ROK's interior did not match its barbecue. Although there were many delights among the dishes, the only exciting thing about the décor was the many hues of beige on the floor tiles, the walls, and the exposed brick wrapped around each of the half-moon windows. Beige-backed banquettes had brown cushions wrapped in plastic. Tacky red strings of Christmas lights seemed a cheap attempt to spruce up the hole-in-the-wall feel. A cobalt-blue Paramax karaoke machine looked like it had seen better days.

The worst, and most easily fixable, part was the interior temperature. It seemed Kwon was trying to save a buck by keeping the air a few degrees above comfortable. The heat only got worse after we ate our way through a few platters of sizzling meat.

On a second visit, we sampled the Korean tapas menu. I advise you to stick with the barbecue. Thai beef salad ($9) came with a generous helping of sweet, thin-sliced beef over pale leaves of romaine lettuce. Cilantro sprigs brightened things up, but there was not enough to mask the watery greens. Shrimp and pork summer rolls ($7) were the highlight of the tapas we tried. A pair came sliced in half, filled with chilled shrimp and pork wrapped in thin, fresh rice-paper rolls with vermicelli noodles accompanied by a rich peanut dip.

Executive chef Mike Kwon shows off the whole fried snapper.
Executive chef Mike Kwon shows off the whole fried snapper.

Location Info


Republic of Korea

4954 N. University Drive
Lauderhill, FL 33351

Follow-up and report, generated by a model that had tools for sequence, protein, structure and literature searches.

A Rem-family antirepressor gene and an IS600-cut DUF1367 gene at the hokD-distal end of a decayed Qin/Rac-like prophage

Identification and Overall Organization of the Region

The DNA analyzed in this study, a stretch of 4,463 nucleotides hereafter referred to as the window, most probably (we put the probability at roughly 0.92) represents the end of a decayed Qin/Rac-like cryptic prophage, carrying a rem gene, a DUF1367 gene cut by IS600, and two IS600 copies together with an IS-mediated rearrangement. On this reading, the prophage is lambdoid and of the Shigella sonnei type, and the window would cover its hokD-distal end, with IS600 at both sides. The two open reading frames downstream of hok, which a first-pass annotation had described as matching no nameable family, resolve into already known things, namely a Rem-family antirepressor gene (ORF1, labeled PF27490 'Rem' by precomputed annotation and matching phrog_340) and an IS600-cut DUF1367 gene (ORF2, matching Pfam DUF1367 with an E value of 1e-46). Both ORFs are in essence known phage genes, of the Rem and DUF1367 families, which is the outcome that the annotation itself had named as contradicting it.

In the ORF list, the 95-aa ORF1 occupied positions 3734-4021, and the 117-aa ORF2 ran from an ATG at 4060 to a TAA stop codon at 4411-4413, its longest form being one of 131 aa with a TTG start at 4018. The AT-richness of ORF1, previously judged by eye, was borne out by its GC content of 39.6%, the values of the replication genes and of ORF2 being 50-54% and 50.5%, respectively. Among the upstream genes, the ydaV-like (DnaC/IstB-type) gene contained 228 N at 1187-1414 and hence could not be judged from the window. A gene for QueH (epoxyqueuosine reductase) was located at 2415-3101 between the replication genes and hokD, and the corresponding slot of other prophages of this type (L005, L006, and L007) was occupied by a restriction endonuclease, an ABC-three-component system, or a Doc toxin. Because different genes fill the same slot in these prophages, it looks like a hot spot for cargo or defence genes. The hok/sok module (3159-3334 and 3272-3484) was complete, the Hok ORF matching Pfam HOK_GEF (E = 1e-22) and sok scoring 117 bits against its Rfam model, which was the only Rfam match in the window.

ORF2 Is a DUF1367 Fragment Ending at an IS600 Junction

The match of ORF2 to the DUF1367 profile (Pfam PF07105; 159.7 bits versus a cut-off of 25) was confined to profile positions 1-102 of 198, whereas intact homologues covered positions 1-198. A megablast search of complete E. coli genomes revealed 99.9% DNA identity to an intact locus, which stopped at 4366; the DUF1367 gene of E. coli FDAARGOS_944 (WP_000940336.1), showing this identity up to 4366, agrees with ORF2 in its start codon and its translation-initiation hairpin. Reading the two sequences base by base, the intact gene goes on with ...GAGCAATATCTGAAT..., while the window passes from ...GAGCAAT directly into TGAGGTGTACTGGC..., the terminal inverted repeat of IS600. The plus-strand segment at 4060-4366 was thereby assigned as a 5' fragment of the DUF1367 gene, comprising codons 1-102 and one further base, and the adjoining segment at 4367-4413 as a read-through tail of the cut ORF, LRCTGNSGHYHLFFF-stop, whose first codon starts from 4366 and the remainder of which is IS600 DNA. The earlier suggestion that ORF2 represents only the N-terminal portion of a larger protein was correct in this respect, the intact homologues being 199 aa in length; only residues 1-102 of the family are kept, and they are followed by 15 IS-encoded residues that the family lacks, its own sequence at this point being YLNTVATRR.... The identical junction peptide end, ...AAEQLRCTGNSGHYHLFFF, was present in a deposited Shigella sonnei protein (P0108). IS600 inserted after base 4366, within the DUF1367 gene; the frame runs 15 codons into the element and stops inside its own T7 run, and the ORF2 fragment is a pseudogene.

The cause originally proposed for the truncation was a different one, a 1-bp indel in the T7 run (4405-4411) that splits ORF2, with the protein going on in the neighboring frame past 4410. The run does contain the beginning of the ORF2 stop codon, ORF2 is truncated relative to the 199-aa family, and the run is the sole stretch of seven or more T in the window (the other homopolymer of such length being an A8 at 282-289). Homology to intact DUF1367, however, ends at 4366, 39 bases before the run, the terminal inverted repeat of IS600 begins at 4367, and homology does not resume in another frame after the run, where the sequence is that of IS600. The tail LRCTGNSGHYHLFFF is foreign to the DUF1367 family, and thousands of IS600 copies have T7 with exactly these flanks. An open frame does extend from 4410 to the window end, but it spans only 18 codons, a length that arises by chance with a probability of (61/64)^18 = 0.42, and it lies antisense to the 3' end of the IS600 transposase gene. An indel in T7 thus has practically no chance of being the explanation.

Category: Restaurant > Korean

Region: Lauderhill


Republic of Korea, 4954 N. University Drive, Lauderhill. Call 954-530-1394. Open Monday through Sunday 5 p.m. to 2 a.m.

Korean barbecue $22

Thai beef salad $9

Shrimp and pork summer rolls $7

Whole fried cornish hen with daikon pickles $10.50

Katsu $10

Two massive panko-coated pieces of pork loin arrived looking golden brown, as though they'd been cooked correctly for katsu ($10), the Japanese name for meat that's been breaded and fried. But when we bit in, we found them so tough, we had to send them back. They were also devoid of the promised shiso, an Asian relative of basil. Hopefully our order was an anomaly.

We thought the tapas paled in comparison to the barbecue, but Kwon says he likes those small plates most. "It's more my heart than the barbecue," he says. "The fusion is where I get to play and do the stuff that I want to."

None of the Korean business owners in Lauderhill seem concerned about cannibalizing customers from one another, even though we were one of only two tables at ROK on both visits. Young Kho, of Manna, says she opened about the same time as ROK and wasn't focused on any of the competing businesses. All of the restaurant owners insist that business is good and that there's plenty to go around.

"For me to see a Korean community would be amazing," Kwon says. "Everybody if they want to could come here, eat something Korean, see something traditional. We could have another coffee shop, another karaoke room."

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